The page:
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Formation of the Angevin Empire

Background

The Counts of Anjou had been vying for power in northwestern France since the 10th century. The counts were recurrent enemies of the dukes of Normandy and of Brittany and often the French king. Fulk IV, Count of Anjou, claimed rule over Touraine, Maine and Nantes; however, of these only Touraine proved to be effectively ruled, as the construction of the castles of Chinon, Loches and Loudun exemplify.

Fulk IV married his son and namesake, called “Fulk the Younger” (who would later become King of Jerusalem), to Ermengarde, heiress of the province of Maine, thus unifying it with Anjou through personal union. While the dynasty of the Angevins was successfully consolidating their power in France, their rivals, the Normans, had conquered England in the 11th century. Meanwhile, in the rest of France, the Poitevin Ramnulfids had become Dukes of Aquitaine and of Gascony, and the Count of Blois, Stephen, the father of the next king of England, Stephen, became the Count of Champagne. France was being split between only a few noble families.

The Anarchy and the question of the Norman succession

In 1106, Henry I of England had defeated his brother Robert Curthose and angered Robert’s son, William Clito, who was Count of Flanders from 1127. Henry used his paternal inheritance to take the Duchy of Normandy and the Kingdom of England and then tried to establish an alliance with Anjou by marrying his only legitimate son, William, to Fulk the Younger’s daughter, Matilda. However, William Adelin died in the White Ship disaster in 1120. This lead to a period of time known as The Anarchy.

The Anarchy was a civil war in England and Normandy between 1135 and 1153, which resulted in a widespread breakdown in law and order. The conflict was a succession crisis precipitated by the accidental death by drowning of William Adelin, the only legitimate son of Henry I, in the sinking of the White Ship in 1120.

Henry I’s attempts to install his daughter, the Empress Matilda, as his successor were unsuccessful and on Henry’s death in 1135, his nephew Stephen of Blois seized the throne with the help of Stephen’s brother, Henry of Blois, the Bishop of Winchester. Stephen’s early reign was marked by fierce fighting with English barons, rebellious Welsh leaders and Scottish invaders. Following a major rebellion in the south-west of England, Matilda invaded in 1139 with the help of her half-brother Robert of Gloucester.

Neither side was able to achieve a decisive advantage during the first years of the war; the Empress came to control the south-west of England and much of the Thames Valley, while Stephen remained in control of the south-east.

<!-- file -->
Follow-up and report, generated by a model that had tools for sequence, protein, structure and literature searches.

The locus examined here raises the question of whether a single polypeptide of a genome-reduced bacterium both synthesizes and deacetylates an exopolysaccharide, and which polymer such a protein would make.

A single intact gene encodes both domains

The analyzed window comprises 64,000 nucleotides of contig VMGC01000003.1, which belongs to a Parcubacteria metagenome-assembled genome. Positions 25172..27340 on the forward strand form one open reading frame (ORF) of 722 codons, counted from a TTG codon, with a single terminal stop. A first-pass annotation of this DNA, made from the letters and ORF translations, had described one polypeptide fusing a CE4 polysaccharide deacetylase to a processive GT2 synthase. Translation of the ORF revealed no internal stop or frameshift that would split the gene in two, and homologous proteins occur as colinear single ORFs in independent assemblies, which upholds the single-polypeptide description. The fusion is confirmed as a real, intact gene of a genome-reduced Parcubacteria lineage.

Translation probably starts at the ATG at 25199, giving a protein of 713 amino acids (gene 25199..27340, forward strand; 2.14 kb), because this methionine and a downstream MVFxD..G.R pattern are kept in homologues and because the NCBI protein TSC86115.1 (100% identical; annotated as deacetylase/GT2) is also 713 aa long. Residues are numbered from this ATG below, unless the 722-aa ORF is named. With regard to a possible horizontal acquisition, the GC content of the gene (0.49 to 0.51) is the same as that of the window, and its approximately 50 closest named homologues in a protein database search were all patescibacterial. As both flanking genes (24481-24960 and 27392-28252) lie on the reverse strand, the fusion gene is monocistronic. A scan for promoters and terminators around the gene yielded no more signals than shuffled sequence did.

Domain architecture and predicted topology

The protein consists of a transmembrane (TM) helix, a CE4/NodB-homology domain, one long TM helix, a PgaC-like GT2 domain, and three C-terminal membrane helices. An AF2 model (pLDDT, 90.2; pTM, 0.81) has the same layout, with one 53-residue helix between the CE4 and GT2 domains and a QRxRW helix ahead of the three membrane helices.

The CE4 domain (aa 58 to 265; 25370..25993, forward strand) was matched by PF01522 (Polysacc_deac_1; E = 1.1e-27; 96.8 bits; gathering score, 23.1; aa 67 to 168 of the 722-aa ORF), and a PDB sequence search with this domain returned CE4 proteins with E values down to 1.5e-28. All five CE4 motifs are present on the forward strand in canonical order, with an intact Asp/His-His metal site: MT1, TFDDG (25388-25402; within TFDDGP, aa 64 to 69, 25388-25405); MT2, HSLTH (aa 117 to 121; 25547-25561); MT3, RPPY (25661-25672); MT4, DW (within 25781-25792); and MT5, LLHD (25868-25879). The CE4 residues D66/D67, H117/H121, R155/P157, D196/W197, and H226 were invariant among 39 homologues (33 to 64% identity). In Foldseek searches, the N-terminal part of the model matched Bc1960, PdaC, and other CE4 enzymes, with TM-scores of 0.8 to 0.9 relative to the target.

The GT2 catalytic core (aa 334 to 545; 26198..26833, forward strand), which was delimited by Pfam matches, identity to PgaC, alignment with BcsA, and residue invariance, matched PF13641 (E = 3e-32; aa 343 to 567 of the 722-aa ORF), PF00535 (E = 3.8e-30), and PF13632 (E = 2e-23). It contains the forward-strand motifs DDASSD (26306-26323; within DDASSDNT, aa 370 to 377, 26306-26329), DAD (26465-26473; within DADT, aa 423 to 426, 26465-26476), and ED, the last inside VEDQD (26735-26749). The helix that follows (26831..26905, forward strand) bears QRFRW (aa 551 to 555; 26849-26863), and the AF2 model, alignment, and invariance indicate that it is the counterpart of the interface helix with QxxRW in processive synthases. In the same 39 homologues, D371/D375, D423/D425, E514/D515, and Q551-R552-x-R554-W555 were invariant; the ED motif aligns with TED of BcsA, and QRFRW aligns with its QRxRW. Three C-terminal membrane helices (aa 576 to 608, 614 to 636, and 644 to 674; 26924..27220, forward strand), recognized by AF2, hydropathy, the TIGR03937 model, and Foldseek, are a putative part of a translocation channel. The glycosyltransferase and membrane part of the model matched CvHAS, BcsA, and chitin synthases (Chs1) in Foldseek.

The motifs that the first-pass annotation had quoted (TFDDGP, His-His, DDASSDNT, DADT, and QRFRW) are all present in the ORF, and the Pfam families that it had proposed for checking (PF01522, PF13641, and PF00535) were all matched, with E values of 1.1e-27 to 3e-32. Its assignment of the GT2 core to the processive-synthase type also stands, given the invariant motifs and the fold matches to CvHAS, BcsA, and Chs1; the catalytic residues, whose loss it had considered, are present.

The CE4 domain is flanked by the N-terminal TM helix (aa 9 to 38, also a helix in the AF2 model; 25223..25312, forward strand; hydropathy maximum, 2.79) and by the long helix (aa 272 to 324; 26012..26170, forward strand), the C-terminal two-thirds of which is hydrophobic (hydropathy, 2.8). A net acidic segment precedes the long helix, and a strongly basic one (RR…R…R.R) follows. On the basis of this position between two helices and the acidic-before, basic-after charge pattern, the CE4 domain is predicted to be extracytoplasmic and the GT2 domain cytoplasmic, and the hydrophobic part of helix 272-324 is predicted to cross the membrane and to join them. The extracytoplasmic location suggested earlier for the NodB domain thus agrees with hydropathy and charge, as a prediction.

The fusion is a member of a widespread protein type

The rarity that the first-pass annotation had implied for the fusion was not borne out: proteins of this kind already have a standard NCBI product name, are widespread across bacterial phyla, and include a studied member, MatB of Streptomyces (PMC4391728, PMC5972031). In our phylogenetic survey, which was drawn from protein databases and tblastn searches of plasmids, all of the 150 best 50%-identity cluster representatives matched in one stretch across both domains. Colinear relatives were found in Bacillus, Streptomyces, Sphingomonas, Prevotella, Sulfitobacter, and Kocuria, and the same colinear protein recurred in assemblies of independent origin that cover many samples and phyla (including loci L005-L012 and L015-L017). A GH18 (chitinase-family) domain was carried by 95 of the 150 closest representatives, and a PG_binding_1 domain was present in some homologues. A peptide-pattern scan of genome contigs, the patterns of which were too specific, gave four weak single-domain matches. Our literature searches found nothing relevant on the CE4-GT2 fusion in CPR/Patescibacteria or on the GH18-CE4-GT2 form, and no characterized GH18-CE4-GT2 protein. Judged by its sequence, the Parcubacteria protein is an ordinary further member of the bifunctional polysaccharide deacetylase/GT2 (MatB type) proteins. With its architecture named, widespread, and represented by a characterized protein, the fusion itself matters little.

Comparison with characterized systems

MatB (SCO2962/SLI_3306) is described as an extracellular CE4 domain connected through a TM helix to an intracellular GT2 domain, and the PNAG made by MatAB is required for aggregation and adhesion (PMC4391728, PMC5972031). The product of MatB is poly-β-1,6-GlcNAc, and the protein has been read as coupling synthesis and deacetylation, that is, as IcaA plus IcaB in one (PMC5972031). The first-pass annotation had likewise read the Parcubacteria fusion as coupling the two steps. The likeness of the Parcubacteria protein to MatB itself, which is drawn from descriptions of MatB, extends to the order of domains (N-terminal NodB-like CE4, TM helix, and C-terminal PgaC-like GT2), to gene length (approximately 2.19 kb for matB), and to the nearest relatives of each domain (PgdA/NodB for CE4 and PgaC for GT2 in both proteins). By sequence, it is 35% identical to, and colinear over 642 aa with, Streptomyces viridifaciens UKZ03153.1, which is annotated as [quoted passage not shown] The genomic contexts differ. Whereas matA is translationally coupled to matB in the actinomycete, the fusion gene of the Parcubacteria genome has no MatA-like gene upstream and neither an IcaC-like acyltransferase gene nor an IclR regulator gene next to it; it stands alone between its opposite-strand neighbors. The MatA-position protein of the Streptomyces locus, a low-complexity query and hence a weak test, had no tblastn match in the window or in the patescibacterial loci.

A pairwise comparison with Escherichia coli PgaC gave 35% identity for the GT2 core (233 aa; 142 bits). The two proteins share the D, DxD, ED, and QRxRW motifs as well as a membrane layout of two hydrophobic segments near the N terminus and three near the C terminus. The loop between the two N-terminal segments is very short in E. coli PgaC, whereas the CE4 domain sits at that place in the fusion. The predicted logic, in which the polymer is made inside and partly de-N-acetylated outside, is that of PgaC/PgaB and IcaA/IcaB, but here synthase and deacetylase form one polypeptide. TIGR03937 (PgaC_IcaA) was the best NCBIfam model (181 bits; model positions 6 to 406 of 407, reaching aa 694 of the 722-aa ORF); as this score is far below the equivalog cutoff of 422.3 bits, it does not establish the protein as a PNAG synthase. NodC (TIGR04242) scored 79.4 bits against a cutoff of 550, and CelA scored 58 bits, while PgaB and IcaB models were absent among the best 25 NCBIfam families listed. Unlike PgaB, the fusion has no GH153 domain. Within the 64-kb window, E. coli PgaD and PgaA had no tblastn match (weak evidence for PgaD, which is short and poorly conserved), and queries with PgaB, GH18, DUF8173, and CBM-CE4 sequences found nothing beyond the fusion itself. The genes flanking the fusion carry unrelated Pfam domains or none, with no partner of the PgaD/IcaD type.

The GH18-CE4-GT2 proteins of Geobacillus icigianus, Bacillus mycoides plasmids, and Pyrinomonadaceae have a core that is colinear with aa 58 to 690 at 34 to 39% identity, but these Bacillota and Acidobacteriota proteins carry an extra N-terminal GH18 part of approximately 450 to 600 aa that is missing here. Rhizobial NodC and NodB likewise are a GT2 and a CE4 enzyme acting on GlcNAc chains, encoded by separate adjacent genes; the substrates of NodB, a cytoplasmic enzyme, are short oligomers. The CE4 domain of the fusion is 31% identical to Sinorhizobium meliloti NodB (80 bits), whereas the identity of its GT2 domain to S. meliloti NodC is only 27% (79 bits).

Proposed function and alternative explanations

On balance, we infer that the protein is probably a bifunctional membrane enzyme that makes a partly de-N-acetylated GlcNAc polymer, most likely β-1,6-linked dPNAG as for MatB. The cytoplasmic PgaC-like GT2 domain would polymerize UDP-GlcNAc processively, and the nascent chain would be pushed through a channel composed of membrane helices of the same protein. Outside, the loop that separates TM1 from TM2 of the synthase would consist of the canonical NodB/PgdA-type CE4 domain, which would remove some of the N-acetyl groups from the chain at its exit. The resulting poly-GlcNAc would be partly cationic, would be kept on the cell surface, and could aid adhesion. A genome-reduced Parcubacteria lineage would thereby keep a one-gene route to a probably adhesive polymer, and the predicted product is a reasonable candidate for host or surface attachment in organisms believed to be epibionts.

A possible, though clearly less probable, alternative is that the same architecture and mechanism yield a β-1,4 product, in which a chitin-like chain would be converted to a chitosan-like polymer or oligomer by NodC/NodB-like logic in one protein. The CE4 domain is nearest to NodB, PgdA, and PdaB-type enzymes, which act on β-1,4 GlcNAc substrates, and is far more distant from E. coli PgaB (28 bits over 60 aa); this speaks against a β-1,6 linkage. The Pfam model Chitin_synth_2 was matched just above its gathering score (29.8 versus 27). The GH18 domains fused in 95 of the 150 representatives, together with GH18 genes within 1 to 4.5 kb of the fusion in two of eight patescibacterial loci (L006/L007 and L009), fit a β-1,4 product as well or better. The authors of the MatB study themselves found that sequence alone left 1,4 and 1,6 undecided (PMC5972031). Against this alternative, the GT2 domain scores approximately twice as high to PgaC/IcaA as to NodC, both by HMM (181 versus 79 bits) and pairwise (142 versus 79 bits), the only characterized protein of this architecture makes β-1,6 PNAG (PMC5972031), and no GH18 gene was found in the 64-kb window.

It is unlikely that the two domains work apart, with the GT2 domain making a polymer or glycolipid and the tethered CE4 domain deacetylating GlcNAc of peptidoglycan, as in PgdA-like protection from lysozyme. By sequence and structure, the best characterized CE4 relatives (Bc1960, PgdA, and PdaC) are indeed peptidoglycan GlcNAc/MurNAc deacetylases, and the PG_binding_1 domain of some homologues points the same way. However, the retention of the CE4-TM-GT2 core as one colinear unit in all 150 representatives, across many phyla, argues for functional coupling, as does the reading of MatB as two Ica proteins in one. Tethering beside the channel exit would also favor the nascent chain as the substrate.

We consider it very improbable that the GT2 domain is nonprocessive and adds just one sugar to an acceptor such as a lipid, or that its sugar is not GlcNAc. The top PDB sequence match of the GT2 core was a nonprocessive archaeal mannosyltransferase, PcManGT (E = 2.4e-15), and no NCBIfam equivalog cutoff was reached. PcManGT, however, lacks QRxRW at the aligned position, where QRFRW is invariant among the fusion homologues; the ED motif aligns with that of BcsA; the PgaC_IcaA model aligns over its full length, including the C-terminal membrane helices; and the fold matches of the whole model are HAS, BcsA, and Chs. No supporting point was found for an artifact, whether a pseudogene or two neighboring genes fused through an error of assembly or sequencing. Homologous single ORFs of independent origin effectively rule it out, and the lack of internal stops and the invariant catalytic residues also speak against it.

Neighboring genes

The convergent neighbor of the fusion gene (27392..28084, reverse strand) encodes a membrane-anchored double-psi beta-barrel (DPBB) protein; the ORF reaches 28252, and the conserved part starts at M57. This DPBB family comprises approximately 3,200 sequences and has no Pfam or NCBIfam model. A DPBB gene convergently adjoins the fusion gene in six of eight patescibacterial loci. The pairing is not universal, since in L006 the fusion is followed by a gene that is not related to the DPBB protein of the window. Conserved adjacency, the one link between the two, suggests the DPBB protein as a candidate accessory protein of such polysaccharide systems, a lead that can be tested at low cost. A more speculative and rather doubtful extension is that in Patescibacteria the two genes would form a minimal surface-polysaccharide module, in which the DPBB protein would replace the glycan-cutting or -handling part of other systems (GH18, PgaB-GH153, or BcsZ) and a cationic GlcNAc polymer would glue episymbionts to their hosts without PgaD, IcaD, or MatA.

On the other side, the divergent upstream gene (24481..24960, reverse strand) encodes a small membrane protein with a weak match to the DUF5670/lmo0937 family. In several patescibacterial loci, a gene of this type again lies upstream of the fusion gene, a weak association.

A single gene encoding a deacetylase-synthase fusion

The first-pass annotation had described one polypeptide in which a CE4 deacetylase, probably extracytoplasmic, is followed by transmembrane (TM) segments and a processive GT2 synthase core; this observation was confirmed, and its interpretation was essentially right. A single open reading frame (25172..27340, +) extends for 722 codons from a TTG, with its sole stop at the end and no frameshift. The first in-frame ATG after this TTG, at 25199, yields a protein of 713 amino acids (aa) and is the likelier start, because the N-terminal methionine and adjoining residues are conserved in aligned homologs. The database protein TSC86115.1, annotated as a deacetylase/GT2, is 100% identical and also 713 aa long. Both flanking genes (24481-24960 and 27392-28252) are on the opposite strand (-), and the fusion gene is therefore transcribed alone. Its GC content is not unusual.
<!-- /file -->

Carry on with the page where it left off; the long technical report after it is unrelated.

The war dragged on for many more years. Empress Matilda’s husband, Geoffrey V of Anjou, conquered Normandy, but in England neither side could achieve victory. Rebel barons began to acquire ever greater power in northern England and in East Anglia, with widespread devastation in the regions of major fighting. In 1148 the Empress returned to Normandy, leaving the campaigning in England to her young son Henry FitzEmpress. In 1152 Stephen and Matilda of Boulogne, queen consort and Stephen’s wife, unsuccessfully attempted to have their eldest son, Eustace, recognised by the Catholic Church as the next king of England. By the early 1150s the barons and the Church mostly wanted a long-term peace.

When Henry FitzEmpress re-invaded England in 1153, neither faction’s forces were keen to fight. After limited campaigning and the siege of Wallingford, Stephen and Henry agreed a negotiated peace, the Treaty of Wallingford, in which Stephen recognised Henry as his heir.

Chroniclers described the period as one in which “Christ and his saints were asleep” while the term “the Anarchy” was coined by Victorian historians because of the widespread chaos, although modern historians have questioned the accuracy of the term and of some contemporary accounts.

Upon Stephen’s death on October 25, 1154, Henry FitzEmpress became King Henry II of England, the first Angevin king of England, beginning a long period of reconstruction. Subsequently, the question was again raised of Henry’s oath to cede Anjou to his brother Geoffrey. Henry received a dispensation from Pope Adrian IV under the pretext the oath had been forced upon him, and he proposed compensations to Geoffrey at Rouen in 1156. Geoffrey refused and returned to Anjou to rebel against his brother. Geoffrey may have had a strong claim, but his position was weak. Louis VII would not interfere since Henry paid homage to him for his continental possessions. Henry crushed Geoffrey’s revolt, and Geoffrey had to be satisfied with an annual pension. The Angevin Empire had now been formed.